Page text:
Diageo to boost hand sanitiser supplies
Drinks giant Diageo said Monday it would supply two million litres of alcohol to make anti-bacterial hand sanitiser to boost stocks depleted by the global coronavirus outbreak.
The British-based company, whose brands include Smirnoff vodka, Johnnie Walker whisky and Guinness, said the alcohol would help to make eight million 250ml bottles.
Priority would be given to frontline health professionals battling the spread of the disease, it added.
Ethyl alcohol of 96% strength normally used to make gin and vodka will be made available to Britain and Ireland, the United States, India, Kenya, Italy, Australia, and Brazil.
The move is the latest by drinks companies around the world. – Nampa/AFP
AB InBev scraps 2020 outlook
Anheuser-Busch InBev , the world's largest brewer, said yesterday it was scrapping its 2020 outlook as the scale of the coronavirus increased.
The Belgium-based maker of Budweiser, Stella Artois and Corona had forecast at the end of February that core profit (EBITDA) would decline by 10% in the first quarter and by between 2 and 5% for the full year.
At the time, the coronavirus crisis was largely confined to China.
"Since 27 February 2020, the scale and magnitude of Covid-19 has increased significantly, resulting in restrictions imposed on many customers, as well as other limitations and social distancing measures in many countries in mid-March," the company said in a statement.
The company said it was pressing ahead with a US$11 billion sale to Asahi Group Holdings of its Australian operations and hoped to get regulatory approvals to allow the deal to close as soon as possible in the second quarter of 2020. – Nampa/Reuters
Singapore Air cuts affecting 10 000 staff
Singapore Airlines (SIA) will cut capacity by 96%, ground almost its entire fleet and impose cost cuts affecting about 10 000 staff because of coronavirus travel curbs it described as the "greatest challenge" it has ever faced.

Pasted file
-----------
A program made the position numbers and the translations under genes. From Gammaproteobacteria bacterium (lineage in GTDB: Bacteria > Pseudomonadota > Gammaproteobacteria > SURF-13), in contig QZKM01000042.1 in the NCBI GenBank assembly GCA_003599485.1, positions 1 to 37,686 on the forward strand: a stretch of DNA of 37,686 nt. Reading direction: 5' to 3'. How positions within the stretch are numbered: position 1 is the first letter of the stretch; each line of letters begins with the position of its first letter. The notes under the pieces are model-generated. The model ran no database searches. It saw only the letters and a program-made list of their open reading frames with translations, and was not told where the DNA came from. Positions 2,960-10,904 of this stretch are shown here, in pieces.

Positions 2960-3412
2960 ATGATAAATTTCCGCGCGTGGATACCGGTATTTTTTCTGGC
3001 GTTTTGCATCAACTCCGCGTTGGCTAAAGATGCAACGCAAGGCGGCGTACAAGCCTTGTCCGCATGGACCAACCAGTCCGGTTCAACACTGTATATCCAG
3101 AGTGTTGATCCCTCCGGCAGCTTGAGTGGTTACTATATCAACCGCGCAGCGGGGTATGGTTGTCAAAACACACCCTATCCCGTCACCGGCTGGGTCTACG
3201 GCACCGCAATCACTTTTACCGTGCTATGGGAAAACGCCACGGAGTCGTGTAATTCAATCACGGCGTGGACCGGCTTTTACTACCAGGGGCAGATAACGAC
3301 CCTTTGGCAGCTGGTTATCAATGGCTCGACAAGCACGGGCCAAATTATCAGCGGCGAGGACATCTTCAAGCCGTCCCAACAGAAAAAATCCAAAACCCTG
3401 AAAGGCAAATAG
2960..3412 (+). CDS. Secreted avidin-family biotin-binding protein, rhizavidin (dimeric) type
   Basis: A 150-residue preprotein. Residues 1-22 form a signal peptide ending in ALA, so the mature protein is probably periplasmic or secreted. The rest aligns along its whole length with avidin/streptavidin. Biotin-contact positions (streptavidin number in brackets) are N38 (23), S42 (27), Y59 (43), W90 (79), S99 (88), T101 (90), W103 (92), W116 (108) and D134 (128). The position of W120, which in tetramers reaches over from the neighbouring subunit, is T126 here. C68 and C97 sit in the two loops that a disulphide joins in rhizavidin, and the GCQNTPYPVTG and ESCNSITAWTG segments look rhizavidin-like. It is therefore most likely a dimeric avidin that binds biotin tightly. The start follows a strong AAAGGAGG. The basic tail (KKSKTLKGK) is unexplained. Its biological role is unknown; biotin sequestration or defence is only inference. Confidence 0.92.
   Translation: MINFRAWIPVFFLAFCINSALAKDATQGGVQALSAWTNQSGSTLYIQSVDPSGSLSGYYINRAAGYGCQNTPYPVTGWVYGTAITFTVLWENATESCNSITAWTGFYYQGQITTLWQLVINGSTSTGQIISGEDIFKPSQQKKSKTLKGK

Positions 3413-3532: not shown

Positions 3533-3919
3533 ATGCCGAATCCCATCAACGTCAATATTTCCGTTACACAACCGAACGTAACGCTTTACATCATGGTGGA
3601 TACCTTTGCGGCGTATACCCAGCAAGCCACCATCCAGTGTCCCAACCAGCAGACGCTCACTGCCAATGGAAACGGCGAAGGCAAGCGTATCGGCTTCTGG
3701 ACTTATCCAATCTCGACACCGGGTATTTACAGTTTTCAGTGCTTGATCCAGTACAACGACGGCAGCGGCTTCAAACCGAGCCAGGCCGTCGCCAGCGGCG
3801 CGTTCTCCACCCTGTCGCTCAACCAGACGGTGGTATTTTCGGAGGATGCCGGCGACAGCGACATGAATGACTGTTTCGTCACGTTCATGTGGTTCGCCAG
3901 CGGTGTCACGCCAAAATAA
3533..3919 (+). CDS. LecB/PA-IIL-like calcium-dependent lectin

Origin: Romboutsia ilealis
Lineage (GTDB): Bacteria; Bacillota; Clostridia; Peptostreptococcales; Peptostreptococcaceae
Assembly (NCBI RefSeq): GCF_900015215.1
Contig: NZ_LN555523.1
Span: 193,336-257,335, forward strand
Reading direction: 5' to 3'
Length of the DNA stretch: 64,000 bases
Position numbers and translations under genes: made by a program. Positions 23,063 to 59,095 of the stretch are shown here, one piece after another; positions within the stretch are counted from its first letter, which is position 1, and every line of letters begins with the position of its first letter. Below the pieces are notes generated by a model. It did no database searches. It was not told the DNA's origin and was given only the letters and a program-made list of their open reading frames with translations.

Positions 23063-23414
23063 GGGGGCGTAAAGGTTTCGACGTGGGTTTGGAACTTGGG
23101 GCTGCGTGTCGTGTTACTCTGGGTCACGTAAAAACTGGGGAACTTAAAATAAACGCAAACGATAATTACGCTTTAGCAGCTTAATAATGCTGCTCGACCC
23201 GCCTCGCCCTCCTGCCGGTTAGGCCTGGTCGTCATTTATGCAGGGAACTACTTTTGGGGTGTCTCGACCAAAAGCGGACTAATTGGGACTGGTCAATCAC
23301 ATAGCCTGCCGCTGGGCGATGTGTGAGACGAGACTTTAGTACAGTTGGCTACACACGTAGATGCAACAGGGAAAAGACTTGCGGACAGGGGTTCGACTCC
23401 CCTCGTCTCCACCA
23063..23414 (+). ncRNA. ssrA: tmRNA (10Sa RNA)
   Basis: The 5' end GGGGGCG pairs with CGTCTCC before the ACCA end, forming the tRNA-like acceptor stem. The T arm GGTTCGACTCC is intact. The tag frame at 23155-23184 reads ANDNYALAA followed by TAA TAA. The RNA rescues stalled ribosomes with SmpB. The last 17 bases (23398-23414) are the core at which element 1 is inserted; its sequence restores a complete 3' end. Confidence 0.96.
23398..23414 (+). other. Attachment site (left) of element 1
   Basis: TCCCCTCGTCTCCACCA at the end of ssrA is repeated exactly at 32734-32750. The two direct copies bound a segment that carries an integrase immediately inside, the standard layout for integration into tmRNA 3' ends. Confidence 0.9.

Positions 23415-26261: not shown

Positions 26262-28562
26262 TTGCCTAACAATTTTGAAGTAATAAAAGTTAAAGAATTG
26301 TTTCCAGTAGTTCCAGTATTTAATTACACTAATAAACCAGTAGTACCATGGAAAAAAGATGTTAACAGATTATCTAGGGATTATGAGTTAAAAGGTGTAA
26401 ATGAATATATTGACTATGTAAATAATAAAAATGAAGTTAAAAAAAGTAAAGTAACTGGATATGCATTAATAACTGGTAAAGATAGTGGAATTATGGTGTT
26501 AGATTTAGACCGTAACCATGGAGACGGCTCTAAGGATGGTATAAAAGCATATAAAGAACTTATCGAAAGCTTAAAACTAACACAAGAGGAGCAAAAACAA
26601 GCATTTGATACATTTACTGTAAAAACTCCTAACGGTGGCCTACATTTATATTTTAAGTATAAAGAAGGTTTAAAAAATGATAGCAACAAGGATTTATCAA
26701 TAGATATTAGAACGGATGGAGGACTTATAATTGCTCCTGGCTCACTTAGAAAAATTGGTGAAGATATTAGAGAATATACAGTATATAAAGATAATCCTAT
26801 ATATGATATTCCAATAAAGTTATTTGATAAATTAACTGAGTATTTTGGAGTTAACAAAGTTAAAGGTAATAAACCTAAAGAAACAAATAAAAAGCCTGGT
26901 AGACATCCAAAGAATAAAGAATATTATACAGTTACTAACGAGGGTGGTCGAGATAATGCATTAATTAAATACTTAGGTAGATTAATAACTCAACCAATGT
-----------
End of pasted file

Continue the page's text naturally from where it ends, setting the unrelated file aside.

The global aviation industry is struggling to absorb shocks from the pandemic, with airlines across the world grounding fleets, placing thousands of workers on unpaid leave and seeking state bailouts to survive the crisis.
The measures by SIA, majority owned by state investor Temasek, follow Singapore's decision to close its borders to stem spread of the virus.
SIA said it has drawn on its credit lines in the past few days to meet immediate cash flow requirements and is in talks with several financial institutions over future funding needs.
In a memo to staff, SIA chief executive Goh Choon Phong said the airline had agreed with unions on cost-cutting measures, including voluntary unpaid leave for staff up to divisional vice presidents and varying days of compulsory unpaid leave for pilots, executives and associates.
SIA had more than 26 500 employees in its last financial year. – Nampa/Reuters
Citigroup to give some employees US$1 000
Citigroup Inc will provide more than 75 000 employees globally with a special compensation award to help ease the financial burden of the coronavirus pandemic, chief executive Michael Corbat told staff in a memo seen by Reuters.
In the United States, US$1 000 will be provided to eligible colleagues who make US$60 000 or less in base salary, while elsewhere the special award will be based on local market compensation levels, Corbat said in the memo on Monday.
Citi aims to make a "vast majority" of these payments next month.
Employees who are sick, at high risk or unable to work as a result of the outbreak are allowed to take time off without using paid leaves, the memo added.
The bank extended the time frame for the use of carry-over vacation and was also helping with transport needs for employees who have to come in to work. – Nampa/Reuters
Daimler to halt production in Alabama
Daimler is suspending production at its plants in Tuscaloosa, Alabama and Charleston, South Carolina for two weeks starting yesterday, it said.
"Management is monitoring the situation continually and will take further measures if needed. Business will resume once the situation has improved," the German carmaker, which owns the Mercedes-Benz brand, said in a statement yesterday.
Earlier this month the company said it would suspend most of its production in Europe for two weeks in an effort to contain the spread of the new coronavirus. – Nampa/Reuters